The rumor: Ming-Chi Kuo of KGI Securities predicted that Apple will call its next iPhone the iPhone 7, rather than 6s, because it will have Force Touch, which is a big enough deal to merit a whole number, over the more incremental "better chip and camera" upgrades we usually get in "S" years.
Plausible? We don't entirely agree with that, since Touch ID debuted with the iPhone 5s, and Siri with the iPhone 3GS, and those both proved pretty huge. In the past, Apple's changed the number when it's redesigned the case--iPhone 4, iPhone 5, and iPhone 6 all had different enclosures than the versions that
What will it look like?
The rumor: Besides the additional 2 millimeters of thickness, don't expect the iPhone 6s to look much different. 9to5Mac reportedly obtained images of the iPhone 6s metal casing, suggesting that it will be a near replica of the current iPhone, down to those unsightly antenna lines.
Plausible? Highly plausible! The iPhone 6 and 6 Plus, after all, came with entirely new form-factors: Bigger screens, thinner bodies, even a relocated Sleep button. Apple typically only redesigns every other iPhone, then uses the same case for next year's "S" version. So if that pattern holds, the next iPhone won't look so different on the outside, even while it packs new features and a faster chip.
The rest of the rumors
We haven't heard specific rumors about these things just yet. But they're always big questions Apple has to answer with any new iPhone, so we've got our ears to the ground...
New color? A recent Wall Street Journal report suggested that Apple was looking to bring a fourth color option to the iPhone 6s in addition to the current silver, gold and space gray. A research note obtained by AppleInsider suggested that the new color would be rose gold to match the Apple Watch. Meanwhile others have suggested that the new color could be a far more daring pink.
Longer-lasting battery life? This is just a guess, but it'll probably be the same. Apple specified increased battery life as a feature of iOS 9, which means the company doesn't necessarily have to jam in a larger battery to quote the same battery life estimates as the iPhone 6 and 6 Plus.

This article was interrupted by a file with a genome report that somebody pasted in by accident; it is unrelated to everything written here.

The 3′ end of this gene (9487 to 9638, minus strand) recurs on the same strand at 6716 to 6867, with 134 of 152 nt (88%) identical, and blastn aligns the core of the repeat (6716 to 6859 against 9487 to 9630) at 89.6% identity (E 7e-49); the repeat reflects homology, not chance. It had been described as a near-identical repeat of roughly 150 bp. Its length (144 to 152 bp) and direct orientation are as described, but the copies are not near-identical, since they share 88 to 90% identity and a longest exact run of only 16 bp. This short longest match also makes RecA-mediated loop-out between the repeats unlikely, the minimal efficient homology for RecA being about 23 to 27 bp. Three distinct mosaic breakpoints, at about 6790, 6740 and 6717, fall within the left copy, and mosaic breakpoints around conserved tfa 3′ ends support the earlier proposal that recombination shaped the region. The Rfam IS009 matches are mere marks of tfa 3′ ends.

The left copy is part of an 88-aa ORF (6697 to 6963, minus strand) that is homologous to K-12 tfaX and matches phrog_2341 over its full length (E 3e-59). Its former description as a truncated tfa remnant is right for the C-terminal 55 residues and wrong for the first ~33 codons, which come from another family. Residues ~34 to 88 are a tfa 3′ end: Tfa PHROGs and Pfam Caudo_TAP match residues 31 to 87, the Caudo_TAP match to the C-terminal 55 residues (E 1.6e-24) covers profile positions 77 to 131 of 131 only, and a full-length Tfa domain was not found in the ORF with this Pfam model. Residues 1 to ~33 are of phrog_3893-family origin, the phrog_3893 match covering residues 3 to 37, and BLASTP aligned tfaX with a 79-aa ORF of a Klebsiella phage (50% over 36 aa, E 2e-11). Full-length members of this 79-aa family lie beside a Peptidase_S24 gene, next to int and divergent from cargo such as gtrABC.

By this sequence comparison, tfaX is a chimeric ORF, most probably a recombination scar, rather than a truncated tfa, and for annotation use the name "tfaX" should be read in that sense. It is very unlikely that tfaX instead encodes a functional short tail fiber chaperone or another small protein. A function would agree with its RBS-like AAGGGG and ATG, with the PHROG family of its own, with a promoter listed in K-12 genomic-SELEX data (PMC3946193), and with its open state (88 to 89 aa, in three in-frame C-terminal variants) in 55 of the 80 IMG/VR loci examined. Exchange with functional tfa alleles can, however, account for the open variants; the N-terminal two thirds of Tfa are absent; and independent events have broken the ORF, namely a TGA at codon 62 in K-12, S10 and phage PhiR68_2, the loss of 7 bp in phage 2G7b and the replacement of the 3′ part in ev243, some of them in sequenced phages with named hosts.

Better camera? It wouldn't be a new iPhone without an improved camera. Apple aquired LinX, an Israeli camera technology company, earlier this year. LinX developed impossibly small, multi-lens cameras for smartphones, tablets, and ultrabooks, so that's a perfect fit for Apple's product lines too. According to 9to5Mac, the iOS 9 developer betas hint at a front-facing camera that supports 1080p video at 240fps and flash--none of which appear in the front-facing FaceTime camera in current devices. As for the rear-facing camera, PhoneArena.com claims to have found documents suggesting it will be getting an update as well, with a 12-megapixel sensor and 4K video recording capabilities.
Lightning or USB-C? Lightning is pretty new. Keeping it around lets Apple continue to license it, whereas USB-C is an open standard. We applaud its arrival on the Mac--growing pains notwithstanding--but it might not be time yet for another big switch on the iOS side.
Smaller-screened iPhone mini What about going back down? Apple no longer sells any phones with a screen size lower than 4 inches. But we think a section of Apple's customer base would go gaga for a return to the 3.5-inch screen of the first several iPhones. Model it after the original 2007 iPhone--which already bears an uncanny resemblance to the Apple Watch--call it the iPhone Classic, but give it all new internals to run iOS 9. It worked for the iPod mini, and we think it could work here, as long as Apple keeps the larger-screened versions too.